If you've been wondering if your child is old enough for a pet, you're not alone. There are many things to consider before getting a pet for your child, and age appropriateness is one of the most important. Getting a kitten for your three-year-old may seem like a good idea, but it has the potential to be a disaster. Matching the pet to your child's age and abilities can help ensure the relationship is a positive one. Here are some guidelines to help you make this decision with your child.
Each child develops at his own pace, but none are really capable of caring for a pet before the age of four or five. If your preschooler shows interest and you think he's ready, consider a guinea pig. Guinea pigs have a gentle temperament and generally don't bite. They are large enough for a small child to handle without difficulty (as opposed to a mouse or hamster) and respond well to being held.
If you decide to get a pet for your child at this early age, don't expect that he'll be able to take care of it by himself. All activities - including play time - should be very closely supervised for your child's protection, as well as the pet's.
Once most children are six or seven, their ability to care for a pet increases. Veterinarian Lianne McLeod has developed a list of the top seven pets she recommends for children in their elementary years. The list consists of all caged animals, and includes gerbils, rats, mice, guinea pigs, hamsters, leopard geckos and Madagascar hissing cockroaches. Even at this age children need supervision, and it remains the parent's responsibility to ensure that the pet is being properly cared for.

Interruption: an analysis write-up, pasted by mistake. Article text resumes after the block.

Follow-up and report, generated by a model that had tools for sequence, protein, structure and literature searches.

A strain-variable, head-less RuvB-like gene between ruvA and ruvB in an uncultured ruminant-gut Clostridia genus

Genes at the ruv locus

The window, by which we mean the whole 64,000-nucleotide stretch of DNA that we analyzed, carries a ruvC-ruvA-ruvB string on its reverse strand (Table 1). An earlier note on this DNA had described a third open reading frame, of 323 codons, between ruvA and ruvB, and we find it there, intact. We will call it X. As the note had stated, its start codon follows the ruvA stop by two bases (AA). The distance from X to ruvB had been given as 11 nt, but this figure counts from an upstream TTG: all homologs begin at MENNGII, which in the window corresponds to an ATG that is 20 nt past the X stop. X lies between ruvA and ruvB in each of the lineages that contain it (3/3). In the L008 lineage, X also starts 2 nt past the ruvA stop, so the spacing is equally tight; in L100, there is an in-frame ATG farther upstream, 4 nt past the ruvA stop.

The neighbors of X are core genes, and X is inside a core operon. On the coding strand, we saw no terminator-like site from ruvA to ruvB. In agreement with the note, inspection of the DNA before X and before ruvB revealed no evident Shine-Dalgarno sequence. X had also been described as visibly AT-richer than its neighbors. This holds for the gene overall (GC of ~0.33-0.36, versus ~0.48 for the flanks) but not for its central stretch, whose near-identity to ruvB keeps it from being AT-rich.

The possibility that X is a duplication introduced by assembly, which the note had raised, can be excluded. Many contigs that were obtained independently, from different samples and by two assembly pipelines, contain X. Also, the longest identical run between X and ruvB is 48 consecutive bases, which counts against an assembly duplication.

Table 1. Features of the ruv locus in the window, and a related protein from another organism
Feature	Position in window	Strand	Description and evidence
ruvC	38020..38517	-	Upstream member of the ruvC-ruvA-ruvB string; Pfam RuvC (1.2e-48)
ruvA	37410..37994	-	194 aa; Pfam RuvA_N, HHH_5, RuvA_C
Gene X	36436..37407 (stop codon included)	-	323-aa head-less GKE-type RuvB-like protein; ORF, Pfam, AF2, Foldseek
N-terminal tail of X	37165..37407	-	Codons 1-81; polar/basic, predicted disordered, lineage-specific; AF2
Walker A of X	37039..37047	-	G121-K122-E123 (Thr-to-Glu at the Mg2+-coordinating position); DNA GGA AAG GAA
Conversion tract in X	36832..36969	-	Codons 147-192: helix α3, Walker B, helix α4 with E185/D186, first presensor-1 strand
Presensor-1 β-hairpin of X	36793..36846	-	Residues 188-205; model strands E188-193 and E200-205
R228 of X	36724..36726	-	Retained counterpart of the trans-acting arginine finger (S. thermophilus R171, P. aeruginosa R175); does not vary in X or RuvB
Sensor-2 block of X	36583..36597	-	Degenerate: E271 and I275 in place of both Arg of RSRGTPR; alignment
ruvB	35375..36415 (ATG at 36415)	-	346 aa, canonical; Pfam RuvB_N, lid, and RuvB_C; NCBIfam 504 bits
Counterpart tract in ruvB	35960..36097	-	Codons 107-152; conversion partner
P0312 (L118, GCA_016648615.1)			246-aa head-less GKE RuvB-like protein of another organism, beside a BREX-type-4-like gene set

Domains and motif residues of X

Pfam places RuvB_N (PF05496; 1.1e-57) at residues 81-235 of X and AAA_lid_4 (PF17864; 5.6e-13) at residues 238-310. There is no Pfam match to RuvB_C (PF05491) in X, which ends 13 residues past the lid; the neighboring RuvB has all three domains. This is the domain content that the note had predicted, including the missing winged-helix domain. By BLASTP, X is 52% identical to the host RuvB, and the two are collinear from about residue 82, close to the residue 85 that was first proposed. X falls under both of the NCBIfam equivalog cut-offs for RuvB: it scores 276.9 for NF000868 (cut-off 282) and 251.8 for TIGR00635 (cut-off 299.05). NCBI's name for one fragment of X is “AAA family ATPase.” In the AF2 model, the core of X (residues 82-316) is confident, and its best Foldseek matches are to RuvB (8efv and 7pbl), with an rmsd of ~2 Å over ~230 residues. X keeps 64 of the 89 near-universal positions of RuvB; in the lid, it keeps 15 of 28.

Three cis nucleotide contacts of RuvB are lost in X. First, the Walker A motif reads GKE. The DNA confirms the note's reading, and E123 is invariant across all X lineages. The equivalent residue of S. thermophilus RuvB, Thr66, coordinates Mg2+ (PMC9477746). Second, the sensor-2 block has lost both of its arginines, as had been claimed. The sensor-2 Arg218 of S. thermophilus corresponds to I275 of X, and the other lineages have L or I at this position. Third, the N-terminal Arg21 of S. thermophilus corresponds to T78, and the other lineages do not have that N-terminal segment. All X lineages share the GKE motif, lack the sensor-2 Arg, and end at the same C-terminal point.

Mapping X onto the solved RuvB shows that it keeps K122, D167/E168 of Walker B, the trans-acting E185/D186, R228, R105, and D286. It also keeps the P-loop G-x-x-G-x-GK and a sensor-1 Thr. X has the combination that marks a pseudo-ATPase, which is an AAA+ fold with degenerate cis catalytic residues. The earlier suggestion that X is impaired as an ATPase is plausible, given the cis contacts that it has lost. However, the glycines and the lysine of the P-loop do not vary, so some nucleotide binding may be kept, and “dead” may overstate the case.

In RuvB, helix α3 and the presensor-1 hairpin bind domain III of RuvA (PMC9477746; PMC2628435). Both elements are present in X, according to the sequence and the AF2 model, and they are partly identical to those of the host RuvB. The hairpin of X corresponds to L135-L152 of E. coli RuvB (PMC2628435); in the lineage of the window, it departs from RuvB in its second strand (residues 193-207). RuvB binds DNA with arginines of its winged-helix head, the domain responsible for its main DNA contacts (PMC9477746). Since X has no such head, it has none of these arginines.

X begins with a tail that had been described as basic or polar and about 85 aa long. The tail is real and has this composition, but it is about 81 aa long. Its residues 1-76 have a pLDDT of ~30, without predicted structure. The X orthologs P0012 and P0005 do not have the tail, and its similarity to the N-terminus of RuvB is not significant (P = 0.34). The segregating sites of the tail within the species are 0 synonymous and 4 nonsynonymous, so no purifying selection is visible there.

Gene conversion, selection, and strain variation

Once a child reaches middle school age they are probably ready for their own dog, cat or rabbit. By now they are able to walk a dog and safely clean a litter box. By this age they should also be ready to accept a larger share of the pet's care. The ASPCA even recommends children of this age attending training classes with their dogs to help instill the importance of this responsibility.
Many teenagers have very active lives, and giving a dog or cat the attention they need may be difficult. Birds or fish are a good compromise, as they don't require as much companion time as cats or dogs. One thing to keep in mind when allowing your teenager to take on a new pet is the life expectancy of the animal. Many pets live several years, which means you may end up keeping and caring for the pet when your child leaves for college.
"The Right Pet for Your Child's Age," ASPCA.org
"Choosing Your Child's First Pet," Pet Sitters International
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